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Utility computing comes full circle

May 13, 20035 mins
Data Center

* Utility computing sounds familiar

Utility computing is the latest, greatest and most economical enterprise computing model for the next decade, according to CA, HP, IBM, Sun and Veritas.  Now if we could only get them to agree on a common definition.

At the core of utility computing is the idea that IT resources should be used – and billed for – in much the same way that consumers use their power or water utilities, leaving you to pay for only what you use plus, presumably, a small surcharge to maintain the infrastructure.  In the case of the water utility, this means you pay for each gallon or liter of water you use, but the costs associated with building and maintaining the water infrastructure – pipes, reservoirs, and so forth, are spread across the entire user base. 

This should be of interest to enterprise IT sites because they never use all their resources all the time.  In fact, when it comes to storage, they usually even don’t take advantage of a significant subset of what they own.

Broadly speaking, an enterprise IT shop could implement an utility model for storage in one of two ways.

The first model brings us back to an idea that achieved much notoriety but comparatively little success during the last several years: the pay-as-you-go managed service provider (MSP). 

As you will recall, when it came to storage the most prevalent method for MSPs was either for the IT staff to offload storage services such as backup and recovery to a remote site or to maintain storage at the local site but outsource the management of those services.  Some smaller sites have managed to make a go of this by offering clients a competitively advantageous third-party service that is optimized to fulfill certain storage needs.  Most of the larger players however, failed to carve out a niche either because their infrastructure costs were too high or, in at least as many cases, simply because IT organizations were largely unwilling to hand over management of that key data to an outsider that was not a “trusted resource.”

A second model is also available.  In this case we see the utility model managed internally, each company owning its own infrastructure and billing its internal clients according to services used.  This is the “charge-back” mechanism beginning to appear in an increasing number of storage resource management software packages. 

Such an approach can be implemented at a number of levels.  The simplest has IT owning all the resources and charging according to services used.  Again, a general “infrastructure surcharge” is likely to be baked into the pricing scheme.  A more sophisticated methodology maintains the same billing model, but with one major change: vendors put assets in their customers’ shops, but only bill for them for the time the resources are actually used.  At the heart of this is a vendor’s ability to monitor its assets in the field.  Then, when IT runs out of headroom, the management application alerts both the vendor and IT management that it is time to “ante up” and pay for more disk space, processing power, or licenses.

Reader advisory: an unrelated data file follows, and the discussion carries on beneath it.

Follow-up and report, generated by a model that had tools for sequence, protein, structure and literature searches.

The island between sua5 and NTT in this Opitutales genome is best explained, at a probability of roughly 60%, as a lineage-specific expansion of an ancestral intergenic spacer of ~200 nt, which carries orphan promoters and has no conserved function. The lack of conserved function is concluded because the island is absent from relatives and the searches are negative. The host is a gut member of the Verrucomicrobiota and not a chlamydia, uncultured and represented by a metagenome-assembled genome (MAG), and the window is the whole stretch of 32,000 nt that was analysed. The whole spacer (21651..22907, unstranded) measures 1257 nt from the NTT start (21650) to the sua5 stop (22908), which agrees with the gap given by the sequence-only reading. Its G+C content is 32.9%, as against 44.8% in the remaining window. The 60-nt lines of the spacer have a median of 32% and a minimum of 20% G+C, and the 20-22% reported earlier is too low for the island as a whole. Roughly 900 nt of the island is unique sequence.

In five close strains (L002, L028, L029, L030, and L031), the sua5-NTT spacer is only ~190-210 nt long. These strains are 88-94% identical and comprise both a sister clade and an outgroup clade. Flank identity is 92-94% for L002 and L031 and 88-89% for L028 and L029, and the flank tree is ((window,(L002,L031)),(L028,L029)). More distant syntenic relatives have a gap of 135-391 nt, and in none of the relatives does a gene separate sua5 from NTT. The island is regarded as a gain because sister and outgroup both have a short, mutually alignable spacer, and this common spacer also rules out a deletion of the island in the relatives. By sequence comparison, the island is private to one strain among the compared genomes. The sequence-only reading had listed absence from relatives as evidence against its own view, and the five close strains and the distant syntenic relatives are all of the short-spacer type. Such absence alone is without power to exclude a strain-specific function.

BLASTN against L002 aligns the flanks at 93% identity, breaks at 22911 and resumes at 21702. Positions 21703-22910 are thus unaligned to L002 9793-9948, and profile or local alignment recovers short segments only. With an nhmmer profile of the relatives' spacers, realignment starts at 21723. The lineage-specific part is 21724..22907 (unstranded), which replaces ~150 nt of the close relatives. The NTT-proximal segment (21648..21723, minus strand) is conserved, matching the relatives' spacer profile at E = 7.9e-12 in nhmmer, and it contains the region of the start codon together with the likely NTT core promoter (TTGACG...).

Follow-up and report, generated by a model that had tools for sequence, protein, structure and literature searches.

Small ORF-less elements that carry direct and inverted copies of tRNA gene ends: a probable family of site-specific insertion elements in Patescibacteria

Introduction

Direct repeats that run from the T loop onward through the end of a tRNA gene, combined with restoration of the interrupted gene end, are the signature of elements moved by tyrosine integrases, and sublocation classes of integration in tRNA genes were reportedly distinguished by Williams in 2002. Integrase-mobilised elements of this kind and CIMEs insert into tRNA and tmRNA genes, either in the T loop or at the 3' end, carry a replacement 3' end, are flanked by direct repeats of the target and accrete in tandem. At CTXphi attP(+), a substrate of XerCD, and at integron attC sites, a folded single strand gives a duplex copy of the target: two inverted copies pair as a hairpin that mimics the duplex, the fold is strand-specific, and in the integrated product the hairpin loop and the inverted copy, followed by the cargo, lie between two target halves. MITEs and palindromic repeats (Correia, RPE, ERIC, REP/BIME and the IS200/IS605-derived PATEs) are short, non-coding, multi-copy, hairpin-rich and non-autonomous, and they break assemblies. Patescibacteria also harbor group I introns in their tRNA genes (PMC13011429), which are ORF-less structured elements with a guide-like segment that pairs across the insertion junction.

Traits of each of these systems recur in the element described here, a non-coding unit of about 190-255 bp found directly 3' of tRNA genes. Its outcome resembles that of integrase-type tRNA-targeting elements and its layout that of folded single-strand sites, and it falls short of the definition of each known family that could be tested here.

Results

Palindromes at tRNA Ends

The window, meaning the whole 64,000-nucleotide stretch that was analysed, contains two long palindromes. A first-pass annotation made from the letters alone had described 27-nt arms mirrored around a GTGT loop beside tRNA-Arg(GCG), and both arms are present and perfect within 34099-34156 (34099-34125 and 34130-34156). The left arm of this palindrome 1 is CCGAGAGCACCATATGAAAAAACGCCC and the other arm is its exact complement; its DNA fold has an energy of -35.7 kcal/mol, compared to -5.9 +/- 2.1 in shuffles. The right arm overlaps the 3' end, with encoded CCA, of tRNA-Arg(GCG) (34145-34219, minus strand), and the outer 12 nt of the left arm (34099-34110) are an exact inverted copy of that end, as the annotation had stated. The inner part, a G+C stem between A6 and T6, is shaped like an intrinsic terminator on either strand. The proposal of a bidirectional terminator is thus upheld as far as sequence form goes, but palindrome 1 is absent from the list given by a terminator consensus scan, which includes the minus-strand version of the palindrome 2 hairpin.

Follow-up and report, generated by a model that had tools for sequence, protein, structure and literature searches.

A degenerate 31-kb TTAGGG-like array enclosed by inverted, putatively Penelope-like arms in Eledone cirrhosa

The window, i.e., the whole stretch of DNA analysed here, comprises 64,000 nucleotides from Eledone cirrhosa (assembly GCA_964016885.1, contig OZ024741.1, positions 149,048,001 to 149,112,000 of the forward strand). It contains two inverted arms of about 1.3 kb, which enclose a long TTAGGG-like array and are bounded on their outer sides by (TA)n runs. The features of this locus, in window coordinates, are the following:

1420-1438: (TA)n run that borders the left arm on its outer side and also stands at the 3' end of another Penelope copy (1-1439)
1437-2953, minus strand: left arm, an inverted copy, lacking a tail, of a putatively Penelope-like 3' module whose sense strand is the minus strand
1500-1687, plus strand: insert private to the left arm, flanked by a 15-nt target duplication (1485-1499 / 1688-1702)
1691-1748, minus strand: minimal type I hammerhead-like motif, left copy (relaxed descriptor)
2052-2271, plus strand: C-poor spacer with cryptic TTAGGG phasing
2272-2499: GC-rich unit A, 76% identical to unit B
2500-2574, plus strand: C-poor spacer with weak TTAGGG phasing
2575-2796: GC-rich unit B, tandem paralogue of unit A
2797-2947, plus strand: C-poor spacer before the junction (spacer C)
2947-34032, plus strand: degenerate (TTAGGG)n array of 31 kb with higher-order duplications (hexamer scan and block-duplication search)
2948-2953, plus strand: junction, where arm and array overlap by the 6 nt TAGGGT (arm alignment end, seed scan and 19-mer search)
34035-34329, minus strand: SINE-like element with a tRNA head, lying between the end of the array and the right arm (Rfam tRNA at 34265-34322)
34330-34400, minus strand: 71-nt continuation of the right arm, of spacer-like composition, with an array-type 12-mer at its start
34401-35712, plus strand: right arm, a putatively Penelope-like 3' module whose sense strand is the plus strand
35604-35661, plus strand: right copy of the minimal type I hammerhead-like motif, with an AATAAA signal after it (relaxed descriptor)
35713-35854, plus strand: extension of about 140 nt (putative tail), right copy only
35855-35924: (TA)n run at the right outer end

For example, an IT director who buys a storage-area network switch with 64 ports for a growing SAN, but only uses the first 20 ports, would only pay for the ports in use.  As the SAN grows, the vendor might sell the site a key that frees up another block of 10 ports.  And so on. 

Think the concepts here are new?  Think again.

Back in the 1970s, multiple companies would share the cost of a mainframe to a third party that would provide them with time-sharing services (payroll checks and many other applications are still often done this way). This was similar to what many modern ASPs tried to provide, but with one major difference: whereas the old timesharing environments ran batch jobs, the new ones need to provide services in real-time.

In the 1980s the advent of the supermini computer shifted the paradigm.  Superminis from Digital Equipment, Data General and Prime brought timesharing into the corporate IT shop, allowing many users (with predetermined levels of eligibility) to contend for a slice of time on an in-house processor.  Of course the desktop PC put an end to all that by providing each user with nonshared processing and storage, and with more easily determined performance levels, the processing and the data distributed across the enterprise (modern IT managers may feel free to replace the term “distributed” with “scattered”).

Now the vendors are getting ready to turn the technology crank again.  The concept of utility computing adds a further level of refinement to a cost-efficiency model that is constantly changing, and often improving.  What should give us particular hope here is the convergence of a number of new computing paradigms all moving towards maturity at the same time.  Not only do we have utility models, but we also see peer-to-peer and grid applications arising as well.

The planets seem to be coming into alignment.  If that is the case, the promise may be not only one of an infinitely extensible utility computing model, but also of resource management so precise that we will only pay for those parts of the overall computing environment that actually provide us with value.  What a concept.